Luis Miguel Dominguín

From Wikipedia, the free encyclopedia
Jump to navigation Jump to search

Luis Miguel Dominguín
Corrida de toros en la plaza de 'El Txofre' (67 de 79) - Fondo Marín-Kutxa Fototeka (cropped).jpg
Dominguín in San Sebastián, 1950
Luis Miguel González Lucas

(1926-11-09)9 November 1926
Died8 May 1996(1996-05-08) (aged 69)
San Roque, Spain
  • (m. 1955; div. 1967)
  • Rosario Primo de Rivera
    (m. 1987)
ChildrenMiguel (b. 1956)
Lucia (b. 1957)
Paola (b. 1960)

Luis Miguel González Lucas (9 November 1926 – 8 May 1996), better known as Luis Miguel Dominguín, was a bullfighter from Spain. His father was the legendary Domingo Dominguín; he adopted his father's name to gain popularity.

Early career[edit]

Dominguín made his first public appearance in the ring at the age of eleven. He became a matador in 1941. He enjoyed wide popularity during the 1940s and 1950s in Spain, Portugal, Colombia and other countries. He was on the card in Linares, Spain on 28 August 1947 when another legend, his rival Manolete, was fatally gored.[1]

Dominguín was also a socialite, having friends like Pablo Picasso and romances with the American actress Ava Gardner and the fashion model China Machado.[2] In 1955, he married actress Lucia Bosé,[3] who gave birth to his son Miguel Bosé, a Grammy-award winning singer. He also occasionally appeared in films, predominantly playing himself in cameo roles, in movies such as Around the World in 80 Days (1956), Testament of Orpheus (1960), and The Picasso Summer (1969). In 1959, he and his brother-in-law, Antonio Ordóñez, engaged in a bullfighting rivalry that was chronicled in Ernest Hemingway's posthumous book The Dangerous Summer. Ordóñez won. In 1964, he was a mystery guest on the US TV show What's My Line?[citation needed]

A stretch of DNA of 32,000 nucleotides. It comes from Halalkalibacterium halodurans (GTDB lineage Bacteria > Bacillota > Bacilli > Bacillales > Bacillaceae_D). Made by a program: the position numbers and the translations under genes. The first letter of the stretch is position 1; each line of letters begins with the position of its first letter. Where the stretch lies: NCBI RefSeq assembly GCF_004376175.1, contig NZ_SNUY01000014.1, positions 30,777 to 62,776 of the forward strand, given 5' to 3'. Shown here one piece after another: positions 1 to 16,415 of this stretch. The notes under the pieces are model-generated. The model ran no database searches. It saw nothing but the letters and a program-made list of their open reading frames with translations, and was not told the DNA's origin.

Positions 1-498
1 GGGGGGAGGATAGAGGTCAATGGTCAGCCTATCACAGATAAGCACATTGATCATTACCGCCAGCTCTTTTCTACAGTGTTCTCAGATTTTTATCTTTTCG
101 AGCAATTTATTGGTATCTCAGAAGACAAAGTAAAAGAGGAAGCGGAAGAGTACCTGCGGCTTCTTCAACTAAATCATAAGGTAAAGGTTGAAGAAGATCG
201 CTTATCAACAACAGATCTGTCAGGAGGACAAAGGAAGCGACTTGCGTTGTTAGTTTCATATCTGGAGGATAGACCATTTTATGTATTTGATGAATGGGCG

Later career[edit]

In 1971, at the age of 44, he returned to the bullring. That year he retired again, but returned to the ring in 1971, aged 45, when he attempted to fathom the sport's continuing allure. His comeback was at Las Palmas, the Canary Islands, hen he wore the costume known as the "suit of lights," which had been designed for him by Picasso. He killed two bulls and won one ear, but was overshadowed by younger men - although the actress Deborah Kerr, who was in the crowd, insisted, "He is still the greatest bull-fighter."[4]

Marriages and relationships[edit]

Miroslava Sternova[edit]